Not Just a Pretty Face, This Devin Z Was Built for Track Time

Chris Wright

My love of performance race cars began at Watkins Glen in 1952. Racing was a passion for my folks’ friends, so that was where we went whenever they were racing. Often, a fender bender in Friday’s time trials would put someone out of the competition for the weekend. 

In the 1950s, there was an avid racer named Bill Devin. He loved Ferraris but couldn’t afford one. Instead, he started making fiberglass bodies that could fit a variety of chassis. More specifically, they could be retrofitted to a crashed car and get it back on the track for racing. That morphed into a kit-car business

Dave MacDonald in a Devin at Pomona, July 1962.The Henry Ford

In July 1959, the cover of Hot Rod magazine promised exclusive cutaway art of Bill Devin’s newest creation, the Devin SS. The car was available in both finished form and as a kit. It had a tubular chassis, four-wheel independent suspension with disc brakes, Chevrolet V-8 power with a four-speed manual transmission, and a fiberglass body. It was far more exotic than any ’59 Corvette.  

Devins enjoyed great racing success, especially in SCCA competition, notching up several class and overall victories between 1958 and 1963. At Pikes Peak, hot rodder Ak Miller raced his Devin, in a variety of configurations, between 1958 and ’66, where he claimed six victories there in the C class. 

I have been fascinated with Devin cars for as long as I can remember. Several years ago, I restored a 1957 Devin S, and while I was scavenging parts I found a Devin SS body, so I bought it and tucked it away for the future.

When the “the future” finally arrived, my idea was to build a high-performance tribute car, which I called the Devin Z—to represent the very last Devin. I described my concepts to automotive custom designer Brian Stupski and hired him to create several renderings of what I was thinking.

Using the old SS body as a base, we re-engineered the wheelbase and track width to provide a slightly larger footprint that would account for greater overall performance afforded by modern components. I then commissioned a custom tube chassis from SRIII Motorsport, with four-wheel independent suspension and disc brakes using Corvette control arms. We added crash bars and rollover hoops for safety and incorporated Viking’s interactive “Berserker” coilover shocks.

Bill Devin was a huge fan of Chevrolet’s small-block V-8 and Muncie four-speed transmission, so it was important to me to retain a GM driveline. I asked Brian Thomson at Thomson Automotive to build me a dry-sump LS7 and fitted it with Harrop’s fuel-injected side-draft intake. Power—697 hp at the crank—goes to the rear wheels through a McLeod dual-disc clutch and a six-speed Getrag transaxle. Ignition and traction control are courtesy of Holley’s Dominator ECU and a Holley Digital Dash sits in front of the passenger seat, with a trick carbon cover when not in use.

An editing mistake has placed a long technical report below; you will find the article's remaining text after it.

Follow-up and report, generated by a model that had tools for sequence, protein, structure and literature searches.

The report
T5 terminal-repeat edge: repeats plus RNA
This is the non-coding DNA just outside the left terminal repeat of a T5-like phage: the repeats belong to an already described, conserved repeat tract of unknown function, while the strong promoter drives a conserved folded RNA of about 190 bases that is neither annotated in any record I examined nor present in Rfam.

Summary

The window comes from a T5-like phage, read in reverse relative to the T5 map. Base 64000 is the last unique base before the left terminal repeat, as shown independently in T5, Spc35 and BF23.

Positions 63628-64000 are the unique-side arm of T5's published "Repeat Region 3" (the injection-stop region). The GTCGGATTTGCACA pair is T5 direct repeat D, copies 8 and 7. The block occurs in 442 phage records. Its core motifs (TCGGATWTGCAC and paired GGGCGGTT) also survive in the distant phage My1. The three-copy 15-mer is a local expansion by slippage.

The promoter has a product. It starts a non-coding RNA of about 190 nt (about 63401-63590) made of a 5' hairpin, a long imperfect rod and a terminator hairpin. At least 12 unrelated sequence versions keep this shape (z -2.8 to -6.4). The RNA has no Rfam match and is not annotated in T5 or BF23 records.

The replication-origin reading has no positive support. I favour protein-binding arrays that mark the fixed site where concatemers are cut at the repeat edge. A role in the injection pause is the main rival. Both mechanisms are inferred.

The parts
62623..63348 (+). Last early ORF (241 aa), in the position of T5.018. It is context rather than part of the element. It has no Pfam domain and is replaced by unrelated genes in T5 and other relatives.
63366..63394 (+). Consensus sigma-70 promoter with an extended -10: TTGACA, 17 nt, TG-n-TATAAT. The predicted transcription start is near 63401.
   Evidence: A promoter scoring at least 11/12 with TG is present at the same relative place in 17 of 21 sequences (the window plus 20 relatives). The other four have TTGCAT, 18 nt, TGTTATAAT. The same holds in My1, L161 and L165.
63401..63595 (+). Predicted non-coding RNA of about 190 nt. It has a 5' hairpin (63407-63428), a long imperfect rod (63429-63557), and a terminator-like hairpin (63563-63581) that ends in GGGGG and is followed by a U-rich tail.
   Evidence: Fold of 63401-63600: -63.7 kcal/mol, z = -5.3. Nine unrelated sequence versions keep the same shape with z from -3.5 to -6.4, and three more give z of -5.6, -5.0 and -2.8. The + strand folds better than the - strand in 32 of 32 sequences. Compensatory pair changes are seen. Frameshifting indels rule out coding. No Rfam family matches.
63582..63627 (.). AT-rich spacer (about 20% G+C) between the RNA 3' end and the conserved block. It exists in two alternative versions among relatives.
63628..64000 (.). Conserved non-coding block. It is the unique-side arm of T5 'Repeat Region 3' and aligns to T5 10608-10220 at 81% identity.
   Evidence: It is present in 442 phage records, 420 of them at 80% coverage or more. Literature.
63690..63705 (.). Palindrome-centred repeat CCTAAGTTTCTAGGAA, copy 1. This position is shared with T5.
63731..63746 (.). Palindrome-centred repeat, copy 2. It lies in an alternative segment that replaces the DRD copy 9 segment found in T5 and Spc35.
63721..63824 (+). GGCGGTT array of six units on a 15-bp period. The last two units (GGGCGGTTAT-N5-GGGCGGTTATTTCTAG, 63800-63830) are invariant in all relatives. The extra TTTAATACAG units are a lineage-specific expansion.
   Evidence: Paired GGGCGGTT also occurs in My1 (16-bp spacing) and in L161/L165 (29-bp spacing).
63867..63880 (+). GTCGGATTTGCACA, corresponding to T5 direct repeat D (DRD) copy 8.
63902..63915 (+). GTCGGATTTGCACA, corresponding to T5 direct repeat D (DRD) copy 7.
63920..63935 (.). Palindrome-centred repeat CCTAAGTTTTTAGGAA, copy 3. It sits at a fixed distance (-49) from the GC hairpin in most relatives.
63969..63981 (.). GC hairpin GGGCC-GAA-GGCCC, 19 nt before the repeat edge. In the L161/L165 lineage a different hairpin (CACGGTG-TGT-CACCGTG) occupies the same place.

I mocked up the stainless-steel fuel tank using cardboard and repeatedly installed and uninstalled it with the body in place to assure myself it could be done once the car was finished. It sits well protected behind the roll bars and under the down bars. 

Because I had that original SS body as a platform, we were able to build onto it with foam and carve that up to achieve the desired shape. We then gave that sculpture to Motor City Solutions to create a mold for a one-off carbon-fiber body that weighed in at 161 pounds.

Meanwhile, all of the fabrication and assembly of the inner body panels, the wheel wells, the heat extractors, the engine bay, the interior panels, the fuel tank, the exhaust headers, and the side exhaust with protective shrouds were hand-made by Dave Daunheimer at Competition Fabrications. B-Forge supplied the custom wheels, with Billet Specialties helping me develop the custom adaptations to simulate knockoffs. John Hein of Riggs Brothers was responsible for the interior, and D&M Corvettes did the finish bodywork and paint. That color, Devin Z Blue, is a one-off made from discontinued PPG tints. Of course, I have an extra gallon for any misadventures.

Many of the components—the windshield base, the headlight lenses and taillight bezels, the interior escutcheons—are one-off CNC-machined originals. I began each of these components using cosplay plastics, creating an original piece that I then had laser-scanned to be machined out of aluminum. You might think the most challenging bit was the windshield base due to the complex body curves. It was difficult, yes, but the headlight lenses proved to be my nightmare—right up to the car’s debut at the 2022 Detroit Autorama.  

It all came together, however, and we were rewarded at Autorama then the Devin was selected as one of the Great 8 finalists for the Ridler Award. 

I understand that most people think it’s a kit car. It’s not. It’s an authentic, roadworthy, hand-built performance car that took 6000 hours to build. And though it debuted as a show car, it will do its best work on the track. Because it’s a tribute to a not-so-famous guy, Bill Devin. He was no Carroll Shelby, but he made significant contributions to and for the racers of his day. 

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